Talking about SUDEP

Epilepsy News From:

Wednesday, May 15, 2013

Recently we are hearing a lot about SUDEP, also called unexplained death in epilepsy. This is an important topic that’s been around for a long time, but people were afraid to talk about it. Health care professionals didn’t want to scare people with epilepsy or their families, and we all wanted to think that epilepsy was not a ‘big deal’. People minimized the risks of dying from epilepsy, which may have felt better to some people temporarily, but didn’t help others, especially those who had lost a family member to epilepsy.

The epilepsy community has turned a huge corner. People have realized that it’s time to talk about what epilepsy really is and what the risks may be for some people. It’s time to talk about the risks of dying from epilepsy, and the unknown force known as SUDEP. This honest talk can help people know what they are living with, learn ways to prevent or lessen risks, and most importantly, not be misinformed.

A few things to think about and do:

  • Talking about death in epilepsy is scary and it’s okay to be scared! Fear is a natural emotion that’s better talked about with someone. When we suppress fear, it can turn into more serious or long-lasting emotional problems.
  • If this is the first time you’ve heard about death and epilepsy, talk to someone and learn the facts! Don’t keep it to yourself and worry.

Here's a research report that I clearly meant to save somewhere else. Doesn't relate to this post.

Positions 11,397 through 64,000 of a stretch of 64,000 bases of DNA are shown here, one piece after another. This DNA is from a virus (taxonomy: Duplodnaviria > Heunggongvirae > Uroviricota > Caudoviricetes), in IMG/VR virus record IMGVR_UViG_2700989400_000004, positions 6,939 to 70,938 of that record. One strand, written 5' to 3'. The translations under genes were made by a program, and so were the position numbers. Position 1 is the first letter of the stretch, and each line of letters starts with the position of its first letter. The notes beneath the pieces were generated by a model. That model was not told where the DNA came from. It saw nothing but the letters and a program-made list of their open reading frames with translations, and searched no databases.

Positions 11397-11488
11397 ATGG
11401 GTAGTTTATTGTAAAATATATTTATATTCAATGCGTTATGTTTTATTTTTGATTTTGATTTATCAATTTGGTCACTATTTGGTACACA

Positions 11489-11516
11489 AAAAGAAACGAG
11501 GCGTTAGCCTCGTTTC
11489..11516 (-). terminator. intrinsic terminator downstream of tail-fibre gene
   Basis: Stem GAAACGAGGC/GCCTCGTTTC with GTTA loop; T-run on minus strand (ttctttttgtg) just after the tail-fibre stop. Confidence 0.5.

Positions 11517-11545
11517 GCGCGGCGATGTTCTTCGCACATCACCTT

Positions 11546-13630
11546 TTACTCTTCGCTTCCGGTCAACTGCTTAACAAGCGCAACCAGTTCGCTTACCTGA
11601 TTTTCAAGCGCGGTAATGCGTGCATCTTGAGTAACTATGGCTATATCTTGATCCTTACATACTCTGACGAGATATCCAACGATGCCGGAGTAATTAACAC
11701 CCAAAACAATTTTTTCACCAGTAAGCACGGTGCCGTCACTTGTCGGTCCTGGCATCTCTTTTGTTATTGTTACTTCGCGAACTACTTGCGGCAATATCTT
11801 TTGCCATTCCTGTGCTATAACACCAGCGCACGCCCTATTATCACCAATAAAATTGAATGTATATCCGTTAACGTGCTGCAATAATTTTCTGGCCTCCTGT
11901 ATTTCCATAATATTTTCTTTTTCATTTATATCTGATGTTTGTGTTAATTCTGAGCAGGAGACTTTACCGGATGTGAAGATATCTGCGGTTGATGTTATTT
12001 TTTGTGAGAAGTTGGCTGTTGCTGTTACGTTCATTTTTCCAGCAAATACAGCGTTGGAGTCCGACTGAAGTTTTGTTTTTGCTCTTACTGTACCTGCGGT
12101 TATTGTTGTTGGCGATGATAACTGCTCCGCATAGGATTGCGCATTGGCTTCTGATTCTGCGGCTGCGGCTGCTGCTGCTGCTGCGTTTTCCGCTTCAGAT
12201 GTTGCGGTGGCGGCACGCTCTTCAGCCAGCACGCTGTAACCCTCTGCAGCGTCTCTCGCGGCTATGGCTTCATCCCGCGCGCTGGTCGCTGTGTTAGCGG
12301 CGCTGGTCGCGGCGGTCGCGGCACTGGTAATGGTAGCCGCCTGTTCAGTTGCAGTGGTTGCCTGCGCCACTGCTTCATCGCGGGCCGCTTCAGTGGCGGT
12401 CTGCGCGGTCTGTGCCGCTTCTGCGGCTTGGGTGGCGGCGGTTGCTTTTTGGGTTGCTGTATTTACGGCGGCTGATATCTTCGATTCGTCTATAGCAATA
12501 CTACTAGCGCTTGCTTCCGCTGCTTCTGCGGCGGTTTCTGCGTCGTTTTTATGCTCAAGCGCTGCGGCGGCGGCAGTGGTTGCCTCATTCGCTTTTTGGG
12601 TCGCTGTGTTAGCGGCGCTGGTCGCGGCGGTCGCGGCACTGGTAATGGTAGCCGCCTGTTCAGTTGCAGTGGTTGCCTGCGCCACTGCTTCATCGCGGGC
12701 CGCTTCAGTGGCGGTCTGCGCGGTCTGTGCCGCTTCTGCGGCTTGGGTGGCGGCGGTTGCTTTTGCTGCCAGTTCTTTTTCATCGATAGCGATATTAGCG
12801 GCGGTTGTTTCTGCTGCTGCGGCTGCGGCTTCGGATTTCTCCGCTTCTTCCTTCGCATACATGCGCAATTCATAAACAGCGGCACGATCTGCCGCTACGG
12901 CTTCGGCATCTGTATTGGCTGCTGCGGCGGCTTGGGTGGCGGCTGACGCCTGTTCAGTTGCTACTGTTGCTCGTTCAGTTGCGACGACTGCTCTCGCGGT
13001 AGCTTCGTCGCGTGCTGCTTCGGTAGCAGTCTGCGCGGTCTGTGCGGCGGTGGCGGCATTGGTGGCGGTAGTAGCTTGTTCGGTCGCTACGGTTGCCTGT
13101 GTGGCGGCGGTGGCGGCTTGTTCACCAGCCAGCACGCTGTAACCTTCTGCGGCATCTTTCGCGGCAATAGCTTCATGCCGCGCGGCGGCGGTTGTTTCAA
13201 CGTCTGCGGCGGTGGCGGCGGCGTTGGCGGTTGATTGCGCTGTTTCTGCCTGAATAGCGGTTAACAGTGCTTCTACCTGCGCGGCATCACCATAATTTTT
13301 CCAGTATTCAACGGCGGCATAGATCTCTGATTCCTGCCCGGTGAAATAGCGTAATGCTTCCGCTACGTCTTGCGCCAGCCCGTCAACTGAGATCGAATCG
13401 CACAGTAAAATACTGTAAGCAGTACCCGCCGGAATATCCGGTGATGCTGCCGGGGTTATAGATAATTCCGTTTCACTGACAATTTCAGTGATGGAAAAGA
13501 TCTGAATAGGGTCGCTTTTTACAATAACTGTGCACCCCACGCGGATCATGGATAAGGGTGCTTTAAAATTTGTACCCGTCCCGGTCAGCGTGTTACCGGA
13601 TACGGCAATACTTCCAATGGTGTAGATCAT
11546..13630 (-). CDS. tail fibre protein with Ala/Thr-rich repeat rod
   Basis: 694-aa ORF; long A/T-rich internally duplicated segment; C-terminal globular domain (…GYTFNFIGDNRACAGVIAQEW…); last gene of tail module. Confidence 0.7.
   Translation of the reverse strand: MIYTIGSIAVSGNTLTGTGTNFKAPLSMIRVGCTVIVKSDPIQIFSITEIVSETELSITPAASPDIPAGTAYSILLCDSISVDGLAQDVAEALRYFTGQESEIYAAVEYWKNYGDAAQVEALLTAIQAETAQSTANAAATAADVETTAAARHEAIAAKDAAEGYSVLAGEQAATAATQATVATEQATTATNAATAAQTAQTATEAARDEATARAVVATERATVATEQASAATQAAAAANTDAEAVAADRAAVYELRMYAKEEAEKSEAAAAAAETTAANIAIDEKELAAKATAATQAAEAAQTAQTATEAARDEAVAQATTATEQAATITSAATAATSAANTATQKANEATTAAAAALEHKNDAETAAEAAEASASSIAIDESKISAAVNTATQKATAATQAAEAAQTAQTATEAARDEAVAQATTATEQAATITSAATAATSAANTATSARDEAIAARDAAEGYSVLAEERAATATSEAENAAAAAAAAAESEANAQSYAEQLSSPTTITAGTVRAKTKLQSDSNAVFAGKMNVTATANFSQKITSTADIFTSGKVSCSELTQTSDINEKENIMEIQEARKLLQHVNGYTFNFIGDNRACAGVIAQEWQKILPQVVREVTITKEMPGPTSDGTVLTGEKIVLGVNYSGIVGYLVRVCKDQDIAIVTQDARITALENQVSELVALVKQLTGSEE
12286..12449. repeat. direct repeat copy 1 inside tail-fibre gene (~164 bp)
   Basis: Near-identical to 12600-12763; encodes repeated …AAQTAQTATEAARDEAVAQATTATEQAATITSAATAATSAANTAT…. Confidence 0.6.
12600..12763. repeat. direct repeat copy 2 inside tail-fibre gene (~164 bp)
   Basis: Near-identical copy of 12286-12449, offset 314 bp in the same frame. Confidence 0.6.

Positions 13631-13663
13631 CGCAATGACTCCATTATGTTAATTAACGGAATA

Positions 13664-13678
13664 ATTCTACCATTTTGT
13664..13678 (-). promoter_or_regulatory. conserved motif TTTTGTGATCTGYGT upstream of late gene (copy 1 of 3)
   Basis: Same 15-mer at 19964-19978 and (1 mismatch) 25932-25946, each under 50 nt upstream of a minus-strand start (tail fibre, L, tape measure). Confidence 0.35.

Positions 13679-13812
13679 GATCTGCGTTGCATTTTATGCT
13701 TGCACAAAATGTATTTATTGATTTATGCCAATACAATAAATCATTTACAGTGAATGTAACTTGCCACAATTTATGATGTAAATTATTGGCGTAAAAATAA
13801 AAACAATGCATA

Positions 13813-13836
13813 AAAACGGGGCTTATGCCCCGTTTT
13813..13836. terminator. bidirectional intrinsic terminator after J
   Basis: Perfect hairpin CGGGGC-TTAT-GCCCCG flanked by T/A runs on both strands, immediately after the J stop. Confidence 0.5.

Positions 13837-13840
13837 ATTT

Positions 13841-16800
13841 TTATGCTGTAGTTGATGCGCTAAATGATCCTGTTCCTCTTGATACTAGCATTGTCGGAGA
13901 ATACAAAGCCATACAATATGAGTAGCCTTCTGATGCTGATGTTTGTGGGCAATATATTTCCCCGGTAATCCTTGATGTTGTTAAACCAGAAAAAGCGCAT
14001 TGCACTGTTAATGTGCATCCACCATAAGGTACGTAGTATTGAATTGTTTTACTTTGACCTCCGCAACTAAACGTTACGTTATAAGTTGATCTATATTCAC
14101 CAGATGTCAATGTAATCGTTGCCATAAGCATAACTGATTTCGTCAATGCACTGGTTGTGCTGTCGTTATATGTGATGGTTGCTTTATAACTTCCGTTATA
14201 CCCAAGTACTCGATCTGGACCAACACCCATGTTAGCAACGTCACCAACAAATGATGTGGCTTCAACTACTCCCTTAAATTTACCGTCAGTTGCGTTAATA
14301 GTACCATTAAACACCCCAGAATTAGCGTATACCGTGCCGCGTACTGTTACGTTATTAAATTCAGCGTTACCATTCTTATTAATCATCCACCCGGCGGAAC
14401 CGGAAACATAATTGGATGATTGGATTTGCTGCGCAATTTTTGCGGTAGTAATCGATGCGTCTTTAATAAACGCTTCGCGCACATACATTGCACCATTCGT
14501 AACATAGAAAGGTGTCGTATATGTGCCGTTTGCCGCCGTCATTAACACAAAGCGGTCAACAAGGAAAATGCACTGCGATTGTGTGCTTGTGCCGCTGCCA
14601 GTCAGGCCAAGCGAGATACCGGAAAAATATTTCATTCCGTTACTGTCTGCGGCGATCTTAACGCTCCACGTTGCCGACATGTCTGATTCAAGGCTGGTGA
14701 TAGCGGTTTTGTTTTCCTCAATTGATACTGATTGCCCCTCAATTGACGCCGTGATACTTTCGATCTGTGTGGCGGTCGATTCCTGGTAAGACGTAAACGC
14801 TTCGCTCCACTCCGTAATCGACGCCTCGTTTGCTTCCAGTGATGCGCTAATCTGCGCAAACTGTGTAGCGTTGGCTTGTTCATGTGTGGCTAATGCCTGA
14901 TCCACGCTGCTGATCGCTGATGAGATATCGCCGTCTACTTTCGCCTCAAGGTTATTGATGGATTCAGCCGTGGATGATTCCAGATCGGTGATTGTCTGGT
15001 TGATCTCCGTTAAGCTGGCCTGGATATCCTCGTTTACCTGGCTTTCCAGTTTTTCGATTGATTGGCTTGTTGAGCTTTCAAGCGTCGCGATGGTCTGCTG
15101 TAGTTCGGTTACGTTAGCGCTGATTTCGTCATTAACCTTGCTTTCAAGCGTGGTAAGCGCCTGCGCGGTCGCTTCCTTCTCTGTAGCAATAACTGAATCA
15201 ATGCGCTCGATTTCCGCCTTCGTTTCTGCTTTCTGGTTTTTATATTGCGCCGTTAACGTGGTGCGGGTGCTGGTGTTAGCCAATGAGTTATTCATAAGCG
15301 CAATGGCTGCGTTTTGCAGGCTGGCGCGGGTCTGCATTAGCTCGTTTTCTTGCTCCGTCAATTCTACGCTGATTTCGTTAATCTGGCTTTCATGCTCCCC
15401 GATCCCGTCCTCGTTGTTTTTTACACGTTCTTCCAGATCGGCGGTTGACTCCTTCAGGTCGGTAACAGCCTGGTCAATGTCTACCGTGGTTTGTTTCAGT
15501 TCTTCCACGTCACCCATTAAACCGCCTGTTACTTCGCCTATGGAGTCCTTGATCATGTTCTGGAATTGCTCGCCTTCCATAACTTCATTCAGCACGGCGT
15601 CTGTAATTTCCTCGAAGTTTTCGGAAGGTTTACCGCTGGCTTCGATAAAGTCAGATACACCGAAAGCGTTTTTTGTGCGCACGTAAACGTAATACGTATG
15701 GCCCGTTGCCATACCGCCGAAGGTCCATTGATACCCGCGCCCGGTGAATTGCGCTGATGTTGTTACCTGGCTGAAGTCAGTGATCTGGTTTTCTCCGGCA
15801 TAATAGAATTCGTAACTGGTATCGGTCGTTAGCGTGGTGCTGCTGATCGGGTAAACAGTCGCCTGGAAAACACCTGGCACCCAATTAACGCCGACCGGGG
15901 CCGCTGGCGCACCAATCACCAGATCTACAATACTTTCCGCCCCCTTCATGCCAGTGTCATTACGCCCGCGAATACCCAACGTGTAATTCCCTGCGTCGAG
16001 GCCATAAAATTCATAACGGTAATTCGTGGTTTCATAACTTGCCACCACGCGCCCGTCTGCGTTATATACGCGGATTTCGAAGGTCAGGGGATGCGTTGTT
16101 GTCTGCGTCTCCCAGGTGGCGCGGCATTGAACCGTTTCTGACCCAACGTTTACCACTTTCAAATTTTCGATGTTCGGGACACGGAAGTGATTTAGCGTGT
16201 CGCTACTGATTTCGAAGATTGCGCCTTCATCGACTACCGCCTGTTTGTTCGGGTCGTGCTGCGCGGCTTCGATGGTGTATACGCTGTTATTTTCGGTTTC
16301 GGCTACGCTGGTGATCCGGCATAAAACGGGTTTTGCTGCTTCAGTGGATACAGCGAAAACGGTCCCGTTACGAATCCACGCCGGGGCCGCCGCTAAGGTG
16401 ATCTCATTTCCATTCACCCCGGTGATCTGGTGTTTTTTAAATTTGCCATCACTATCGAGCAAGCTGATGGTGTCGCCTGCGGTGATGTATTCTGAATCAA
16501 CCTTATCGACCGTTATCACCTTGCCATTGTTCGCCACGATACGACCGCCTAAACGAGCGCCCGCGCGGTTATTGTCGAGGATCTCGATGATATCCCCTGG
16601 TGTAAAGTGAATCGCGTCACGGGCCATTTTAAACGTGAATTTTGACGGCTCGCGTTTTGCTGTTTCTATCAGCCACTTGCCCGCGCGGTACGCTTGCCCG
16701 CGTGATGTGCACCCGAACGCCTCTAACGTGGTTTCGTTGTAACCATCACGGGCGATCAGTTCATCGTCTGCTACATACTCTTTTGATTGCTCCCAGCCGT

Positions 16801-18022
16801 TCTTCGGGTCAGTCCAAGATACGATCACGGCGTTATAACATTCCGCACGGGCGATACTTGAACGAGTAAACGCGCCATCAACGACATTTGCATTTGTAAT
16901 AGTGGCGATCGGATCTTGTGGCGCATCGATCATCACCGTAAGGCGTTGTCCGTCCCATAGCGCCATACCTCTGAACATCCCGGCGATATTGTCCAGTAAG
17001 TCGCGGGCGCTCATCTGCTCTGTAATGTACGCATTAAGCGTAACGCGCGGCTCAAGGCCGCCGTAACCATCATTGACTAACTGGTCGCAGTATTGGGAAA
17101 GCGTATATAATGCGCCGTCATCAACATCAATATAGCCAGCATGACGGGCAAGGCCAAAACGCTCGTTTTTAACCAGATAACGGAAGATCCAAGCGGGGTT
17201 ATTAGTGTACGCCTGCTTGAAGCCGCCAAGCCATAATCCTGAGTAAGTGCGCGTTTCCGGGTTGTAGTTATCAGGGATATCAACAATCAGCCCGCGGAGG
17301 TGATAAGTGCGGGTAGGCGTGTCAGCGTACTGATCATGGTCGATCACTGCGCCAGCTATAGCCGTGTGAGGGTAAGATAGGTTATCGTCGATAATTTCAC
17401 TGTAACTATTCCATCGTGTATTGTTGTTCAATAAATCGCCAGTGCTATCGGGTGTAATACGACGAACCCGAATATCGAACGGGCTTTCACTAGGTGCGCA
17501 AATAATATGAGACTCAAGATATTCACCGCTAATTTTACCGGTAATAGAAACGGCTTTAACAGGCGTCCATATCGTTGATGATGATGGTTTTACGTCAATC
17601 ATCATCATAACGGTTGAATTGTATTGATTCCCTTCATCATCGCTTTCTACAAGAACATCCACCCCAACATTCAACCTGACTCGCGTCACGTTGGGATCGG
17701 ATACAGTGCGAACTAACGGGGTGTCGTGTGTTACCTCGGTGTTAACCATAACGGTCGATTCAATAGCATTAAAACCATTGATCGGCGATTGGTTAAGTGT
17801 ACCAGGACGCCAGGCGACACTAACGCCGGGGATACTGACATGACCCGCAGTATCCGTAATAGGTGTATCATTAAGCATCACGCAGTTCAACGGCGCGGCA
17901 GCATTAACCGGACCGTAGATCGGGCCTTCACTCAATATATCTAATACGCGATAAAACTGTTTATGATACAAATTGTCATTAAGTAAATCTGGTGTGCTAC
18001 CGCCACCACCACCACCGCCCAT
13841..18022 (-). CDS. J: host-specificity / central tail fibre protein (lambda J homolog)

• SUDEP is rare and most people are at very low risk. However, if you have epilepsy, or a loved one does, learning about your risks can help you manage your seizures and life better.

You’ll see new information about SUDEP over the next several months. As you read it, if you have questions or other ideas you’d like information on, please contact us.

Most importantly, print out the information to talk to your doctor about. It may help you start the conversation and learn what information pertains to you and what doesn’t.

I hope everyone is having a safe week!

Authored by: Patty Obsorne Shafer RN, MN on 5/2013

Our Mission

The mission of the Epilepsy Foundation is to lead the fight to overcome the challenges of living with epilepsy and to accelerate therapies to stop seizures, find cures, and save lives.

24/7 helpline